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Convenience is an underlying trend in most beauty and personal care categories. In hair care, consumers are looking for products that are easy to use and can help them save time. The recent success of products that have been around for a long time like dry shampoos and the development of practical mousse colourants is proof of the enduring popularity of the convenience trend in hair care. But, as hair care continues its alignment with beauty, manufacturers will have to focus their message on the glamorous side of the business.
Source: Euromonitor International
The recent success of dry shampoos can be explained by a change in their positioning. They are not marketed as cleaning products any more, but as refreshers, allowing customers to save time while perfuming and styling their hair.
Propellants will not benefit to any great extent from the rise of dry shampoos, however, as metal aerosols cans will only account for less than 0.05% of global shampoo packaging by 2018. Indeed, as styling agents will account for more than 70% of propellants absolute growth in hair care, shampoo will remain a niche market for propellants manufacturers.
Segmentation is also a part of the recent success of dry shampoos. Over the years, Batiste, a UK dry shampoo brand, extended its portfolio, and it has paid off, with the brand hitting a 9% brand share in 2013, up from 0.2% in 2008. Product manufacturers can bet on added benefits such as heavy fragrances, conditioning, styling ingredients and colours.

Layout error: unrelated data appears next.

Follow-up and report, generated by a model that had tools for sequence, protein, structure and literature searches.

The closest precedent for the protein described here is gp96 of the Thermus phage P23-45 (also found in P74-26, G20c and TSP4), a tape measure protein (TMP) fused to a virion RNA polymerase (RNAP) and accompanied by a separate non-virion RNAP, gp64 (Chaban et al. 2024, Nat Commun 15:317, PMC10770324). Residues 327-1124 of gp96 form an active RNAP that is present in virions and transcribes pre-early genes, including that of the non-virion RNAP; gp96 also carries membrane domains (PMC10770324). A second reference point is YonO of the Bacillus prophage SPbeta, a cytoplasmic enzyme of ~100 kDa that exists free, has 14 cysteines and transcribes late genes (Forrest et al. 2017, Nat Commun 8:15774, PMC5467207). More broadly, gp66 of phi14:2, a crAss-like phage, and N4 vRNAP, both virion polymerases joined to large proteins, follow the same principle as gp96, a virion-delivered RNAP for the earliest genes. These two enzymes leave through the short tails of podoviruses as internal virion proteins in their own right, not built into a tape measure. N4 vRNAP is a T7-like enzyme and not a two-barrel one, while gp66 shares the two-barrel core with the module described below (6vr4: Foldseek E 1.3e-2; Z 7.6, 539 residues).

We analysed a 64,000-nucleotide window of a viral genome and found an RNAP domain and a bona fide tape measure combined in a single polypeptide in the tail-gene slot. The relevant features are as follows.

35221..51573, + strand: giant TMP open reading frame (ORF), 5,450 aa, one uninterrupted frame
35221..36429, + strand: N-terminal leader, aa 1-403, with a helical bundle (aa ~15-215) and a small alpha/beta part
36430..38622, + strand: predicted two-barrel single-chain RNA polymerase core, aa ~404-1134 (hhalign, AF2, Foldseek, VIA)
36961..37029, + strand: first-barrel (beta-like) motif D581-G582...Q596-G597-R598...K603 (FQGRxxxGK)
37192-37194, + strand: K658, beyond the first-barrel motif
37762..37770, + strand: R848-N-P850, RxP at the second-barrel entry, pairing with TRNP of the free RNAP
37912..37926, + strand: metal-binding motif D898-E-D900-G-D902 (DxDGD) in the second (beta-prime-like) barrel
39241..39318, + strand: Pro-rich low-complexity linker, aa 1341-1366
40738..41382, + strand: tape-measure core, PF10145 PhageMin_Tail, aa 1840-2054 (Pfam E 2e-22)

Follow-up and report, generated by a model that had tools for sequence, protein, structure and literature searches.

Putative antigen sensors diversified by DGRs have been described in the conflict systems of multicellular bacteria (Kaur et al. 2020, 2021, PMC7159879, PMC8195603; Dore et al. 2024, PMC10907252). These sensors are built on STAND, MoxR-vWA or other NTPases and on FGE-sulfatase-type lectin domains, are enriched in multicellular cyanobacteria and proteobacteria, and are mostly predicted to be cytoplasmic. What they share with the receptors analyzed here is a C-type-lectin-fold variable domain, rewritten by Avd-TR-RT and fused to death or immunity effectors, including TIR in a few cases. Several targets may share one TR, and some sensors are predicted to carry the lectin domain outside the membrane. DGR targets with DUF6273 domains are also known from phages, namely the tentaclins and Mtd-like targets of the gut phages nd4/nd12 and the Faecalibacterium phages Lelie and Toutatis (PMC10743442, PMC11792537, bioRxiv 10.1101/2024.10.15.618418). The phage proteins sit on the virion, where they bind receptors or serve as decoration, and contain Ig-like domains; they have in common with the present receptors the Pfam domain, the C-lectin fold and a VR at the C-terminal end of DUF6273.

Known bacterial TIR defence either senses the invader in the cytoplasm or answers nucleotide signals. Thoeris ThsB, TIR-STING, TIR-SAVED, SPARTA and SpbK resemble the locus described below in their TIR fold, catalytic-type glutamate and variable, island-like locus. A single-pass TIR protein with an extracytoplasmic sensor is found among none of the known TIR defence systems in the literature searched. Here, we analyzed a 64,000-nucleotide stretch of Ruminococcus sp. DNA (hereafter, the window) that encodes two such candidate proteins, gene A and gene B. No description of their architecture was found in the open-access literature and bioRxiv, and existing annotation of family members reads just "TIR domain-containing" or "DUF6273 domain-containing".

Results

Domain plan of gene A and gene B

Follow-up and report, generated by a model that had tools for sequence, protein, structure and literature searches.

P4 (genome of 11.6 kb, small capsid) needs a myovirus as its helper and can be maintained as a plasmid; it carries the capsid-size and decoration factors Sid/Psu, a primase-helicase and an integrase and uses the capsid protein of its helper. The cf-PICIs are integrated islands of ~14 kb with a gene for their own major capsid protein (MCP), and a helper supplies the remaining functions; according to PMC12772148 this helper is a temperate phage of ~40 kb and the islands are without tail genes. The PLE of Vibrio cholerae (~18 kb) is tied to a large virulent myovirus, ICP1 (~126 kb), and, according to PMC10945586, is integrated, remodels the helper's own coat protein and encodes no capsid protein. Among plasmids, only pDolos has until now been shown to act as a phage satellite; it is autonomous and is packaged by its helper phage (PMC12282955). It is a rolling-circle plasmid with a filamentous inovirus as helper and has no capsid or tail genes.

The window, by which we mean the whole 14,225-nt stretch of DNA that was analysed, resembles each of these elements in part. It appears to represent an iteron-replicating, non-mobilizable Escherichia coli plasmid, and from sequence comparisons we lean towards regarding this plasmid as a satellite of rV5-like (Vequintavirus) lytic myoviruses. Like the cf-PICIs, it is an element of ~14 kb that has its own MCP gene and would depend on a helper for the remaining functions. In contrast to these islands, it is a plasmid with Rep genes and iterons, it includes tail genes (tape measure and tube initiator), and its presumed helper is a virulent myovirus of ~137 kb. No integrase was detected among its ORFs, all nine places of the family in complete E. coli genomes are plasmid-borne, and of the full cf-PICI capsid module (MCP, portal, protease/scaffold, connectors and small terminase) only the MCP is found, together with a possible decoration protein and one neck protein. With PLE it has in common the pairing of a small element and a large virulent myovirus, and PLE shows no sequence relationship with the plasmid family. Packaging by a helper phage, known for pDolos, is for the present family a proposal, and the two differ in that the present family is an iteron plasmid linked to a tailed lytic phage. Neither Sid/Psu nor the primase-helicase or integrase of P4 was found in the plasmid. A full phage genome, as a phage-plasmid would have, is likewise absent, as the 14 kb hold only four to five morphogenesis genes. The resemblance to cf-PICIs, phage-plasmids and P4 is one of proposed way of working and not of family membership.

This niche market is therefore expected to offer opportunities for conditioning ingredients, emollients and proteins that can be easily formulated in sprays.
Manufacturers are taking advantage of the recent success of conditioners and dry shampoos by expanding product ranges even further, to dry conditioners. At the same time, they will look to respond to the main reservations expressed by consumers, who say dry shampoos make the hair look dull.
To counteract the dulling action of starch, dry conditioners will provide shining and conditioning through oils. Dry conditioners will therefore be another user of emollients, even though it will remain niche as most of the brands commercialising dry conditioners are in premium salon hair care.